Nashville woos the UK: Carrie Underwood and Tim McGraw to play largest country music festival at O2

 

Britain is preparing for a rhinestone invasion as Nashville’s stars launch a bid to inject country music’s whisky-soaked anthems into the nation’s musical mainstream.

The O2 Arena will stage the UK’s largest gathering of ten gallon hats when Tim McGraw, Carrie Underwood and a host of country music’s biggest-sellers perform at the first festival devoted to the sound of America’s heartland.

Until recently the UK has looked askance at cowboy-attired singers paying homage to a life of monster trucks and marital infidelity.

But with the Nashville country-pop queen Taylor Swift finding a willing audience of teenage fans, the two-day event marks a determined attempt by the US industry to spread the country gospel into new territories.

The Country 2 Country festival this weekend will spearhead an “industry education and awareness strategy” launched by the US Country Music Association.

As well as uniting headline artists, who have sold more than 150 million albums, including LeAnn Rimes and Vince Gill, on one showcase bill, the O2 will host a retail zone featuring leading Nashville clothing brands and food outlets.

The first-ever International Country Music Marketing Summit, held at Disneyland Paris this month, discussed plans to expand the genre’s popularity across Europe and into China.

Boosted by crossover artists like Swift, Lady Antebellum and Underwood, an American Idol winner who last year sold out the Royal Albert Hall, country is appealing to a younger generation. Sales of country digital albums soared by 38% last year, Billboard reported.

Social media is helping US stars like McGraw, 45, who has sold 40 million albums, find a new audience overseas. “I’ve never been on the road in the UK before and I’m so happy to be playing this festival,” McGraw told the Independent.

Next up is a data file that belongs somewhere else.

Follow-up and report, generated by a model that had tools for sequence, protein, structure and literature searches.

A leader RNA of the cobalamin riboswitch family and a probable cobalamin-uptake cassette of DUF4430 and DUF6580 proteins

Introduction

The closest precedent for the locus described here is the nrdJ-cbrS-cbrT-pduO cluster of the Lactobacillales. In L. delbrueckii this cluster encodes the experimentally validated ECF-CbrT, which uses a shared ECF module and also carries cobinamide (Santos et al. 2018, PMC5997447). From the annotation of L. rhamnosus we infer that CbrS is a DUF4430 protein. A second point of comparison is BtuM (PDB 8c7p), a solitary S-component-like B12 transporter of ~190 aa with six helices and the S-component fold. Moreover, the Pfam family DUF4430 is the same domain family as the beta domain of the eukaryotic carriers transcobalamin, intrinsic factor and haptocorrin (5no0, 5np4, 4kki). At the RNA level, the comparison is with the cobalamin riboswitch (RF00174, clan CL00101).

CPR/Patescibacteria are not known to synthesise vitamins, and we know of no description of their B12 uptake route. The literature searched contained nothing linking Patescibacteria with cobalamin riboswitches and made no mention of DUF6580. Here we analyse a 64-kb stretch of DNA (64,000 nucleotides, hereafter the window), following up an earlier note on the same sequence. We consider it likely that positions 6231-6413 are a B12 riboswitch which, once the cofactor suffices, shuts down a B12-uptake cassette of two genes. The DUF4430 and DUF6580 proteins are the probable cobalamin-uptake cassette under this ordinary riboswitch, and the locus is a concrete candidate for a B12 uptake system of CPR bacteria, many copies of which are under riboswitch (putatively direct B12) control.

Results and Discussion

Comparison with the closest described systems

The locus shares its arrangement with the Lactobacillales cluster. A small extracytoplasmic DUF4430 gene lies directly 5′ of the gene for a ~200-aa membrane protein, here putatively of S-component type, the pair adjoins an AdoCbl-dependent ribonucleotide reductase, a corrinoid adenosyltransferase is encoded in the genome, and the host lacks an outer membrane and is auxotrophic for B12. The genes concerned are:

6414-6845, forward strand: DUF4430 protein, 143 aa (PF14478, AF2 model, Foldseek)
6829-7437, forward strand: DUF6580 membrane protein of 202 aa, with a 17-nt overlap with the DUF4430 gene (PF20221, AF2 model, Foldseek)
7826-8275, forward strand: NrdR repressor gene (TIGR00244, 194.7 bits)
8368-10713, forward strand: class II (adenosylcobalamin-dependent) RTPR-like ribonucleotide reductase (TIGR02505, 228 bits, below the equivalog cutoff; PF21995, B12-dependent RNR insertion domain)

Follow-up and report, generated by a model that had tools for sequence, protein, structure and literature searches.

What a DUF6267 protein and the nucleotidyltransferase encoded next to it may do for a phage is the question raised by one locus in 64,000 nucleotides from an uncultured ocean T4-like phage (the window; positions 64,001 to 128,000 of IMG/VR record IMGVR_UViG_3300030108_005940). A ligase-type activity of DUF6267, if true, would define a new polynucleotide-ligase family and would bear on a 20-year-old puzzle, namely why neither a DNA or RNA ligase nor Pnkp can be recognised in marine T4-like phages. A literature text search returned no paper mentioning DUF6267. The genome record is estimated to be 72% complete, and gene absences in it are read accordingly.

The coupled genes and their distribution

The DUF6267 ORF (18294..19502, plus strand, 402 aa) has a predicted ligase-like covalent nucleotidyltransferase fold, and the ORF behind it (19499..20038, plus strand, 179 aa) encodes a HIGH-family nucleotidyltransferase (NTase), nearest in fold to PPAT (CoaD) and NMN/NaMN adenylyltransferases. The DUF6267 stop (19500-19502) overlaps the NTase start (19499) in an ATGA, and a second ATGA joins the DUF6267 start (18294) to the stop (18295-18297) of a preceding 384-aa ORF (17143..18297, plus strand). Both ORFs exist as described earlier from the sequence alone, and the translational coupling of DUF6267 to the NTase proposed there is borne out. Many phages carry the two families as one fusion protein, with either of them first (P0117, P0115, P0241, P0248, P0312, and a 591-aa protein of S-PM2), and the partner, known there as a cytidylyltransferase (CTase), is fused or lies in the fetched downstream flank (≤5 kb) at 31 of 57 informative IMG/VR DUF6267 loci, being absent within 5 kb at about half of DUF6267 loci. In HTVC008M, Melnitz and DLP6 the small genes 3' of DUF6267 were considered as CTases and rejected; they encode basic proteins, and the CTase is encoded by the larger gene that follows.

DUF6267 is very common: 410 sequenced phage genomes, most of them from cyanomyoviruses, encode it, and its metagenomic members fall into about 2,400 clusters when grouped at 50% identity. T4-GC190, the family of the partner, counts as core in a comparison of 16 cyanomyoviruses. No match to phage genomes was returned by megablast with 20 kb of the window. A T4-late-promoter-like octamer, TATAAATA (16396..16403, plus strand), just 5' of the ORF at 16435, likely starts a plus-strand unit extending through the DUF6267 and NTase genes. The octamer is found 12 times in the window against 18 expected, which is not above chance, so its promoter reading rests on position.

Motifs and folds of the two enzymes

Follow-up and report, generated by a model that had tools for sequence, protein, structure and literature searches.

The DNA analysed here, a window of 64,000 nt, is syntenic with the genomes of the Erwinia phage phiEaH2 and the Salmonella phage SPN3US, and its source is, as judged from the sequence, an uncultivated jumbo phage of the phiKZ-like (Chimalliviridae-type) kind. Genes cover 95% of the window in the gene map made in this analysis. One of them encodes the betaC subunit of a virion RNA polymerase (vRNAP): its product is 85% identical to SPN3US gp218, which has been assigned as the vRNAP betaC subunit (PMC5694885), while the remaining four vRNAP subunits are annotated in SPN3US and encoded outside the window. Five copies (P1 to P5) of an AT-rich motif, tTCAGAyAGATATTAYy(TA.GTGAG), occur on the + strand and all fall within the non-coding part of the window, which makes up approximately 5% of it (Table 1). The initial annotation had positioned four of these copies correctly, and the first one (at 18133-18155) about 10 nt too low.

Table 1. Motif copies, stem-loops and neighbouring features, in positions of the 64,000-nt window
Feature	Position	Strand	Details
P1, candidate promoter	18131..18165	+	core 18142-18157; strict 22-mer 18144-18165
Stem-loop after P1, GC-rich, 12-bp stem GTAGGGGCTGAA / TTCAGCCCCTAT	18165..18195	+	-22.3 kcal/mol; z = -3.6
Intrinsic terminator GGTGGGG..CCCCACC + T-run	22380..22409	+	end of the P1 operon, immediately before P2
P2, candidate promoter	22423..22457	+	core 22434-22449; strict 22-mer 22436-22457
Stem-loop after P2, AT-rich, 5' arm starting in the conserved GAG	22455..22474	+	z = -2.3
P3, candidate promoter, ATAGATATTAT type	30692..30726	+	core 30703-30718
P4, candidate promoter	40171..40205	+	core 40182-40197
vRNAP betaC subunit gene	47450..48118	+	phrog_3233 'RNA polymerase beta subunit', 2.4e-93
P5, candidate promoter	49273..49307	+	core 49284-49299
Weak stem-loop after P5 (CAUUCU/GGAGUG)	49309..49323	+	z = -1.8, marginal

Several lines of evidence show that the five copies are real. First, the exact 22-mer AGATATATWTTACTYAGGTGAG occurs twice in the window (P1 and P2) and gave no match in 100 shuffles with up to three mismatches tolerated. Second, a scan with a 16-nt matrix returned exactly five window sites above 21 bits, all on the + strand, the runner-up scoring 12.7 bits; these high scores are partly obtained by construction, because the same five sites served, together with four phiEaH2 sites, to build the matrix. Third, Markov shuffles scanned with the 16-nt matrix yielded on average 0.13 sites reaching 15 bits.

His latest album, Two Lanes Of Freedom, hymns the American freeway but McGraw believes his songs will cross over to anyone stuck on a traffic-clogged M4. 

“The themes are universal,” said the singer, who is married to country star Faith Hill. “It’s a rootsy, Americana vibe but the core is about everday life, family, faith and heartbreak. It’s the same themes as Bruce Springsteen.”

CMT, the UK’s only dedicated country music television channel, was taken off air. But YouTube has filled the gap. Steve Moore, head of the Nashville-based Country Music Association, said: “The digital revolution is allowing fans around the world to find these artists without the traditional record company promotion model. We’re encouraging stars to give the US a rest and explore new markets like the UK.”

Chinese broadcasters are screening the US Country Music Awards for the first time. “Nashville is about life experiences and they translate to everybody,” said Mr Moore, who predicts the O2 audience will be “blown away by the quality and integrity of the artists” playing the festival, which will become an annual event.

The perception that country is a platform for “redneck” conservative views, is also challenged by McGraw, who campaigned for President Obama and may one day run for office as a Democrat.

“I was probably drinking when I said that but if it ever came to a situation that felt like I could help and make a difference I wouldn’t turn my back.”

Bob Harris, who gives a platform to the latest country sounds on his late night Radio 2 show, said: “It’s fantastic to see such a great line-up of major Nashville talent performing in the UK. There’s a very vibrant music scene in Nashville at the moment and it feels like a particularly exciting time for country music.”

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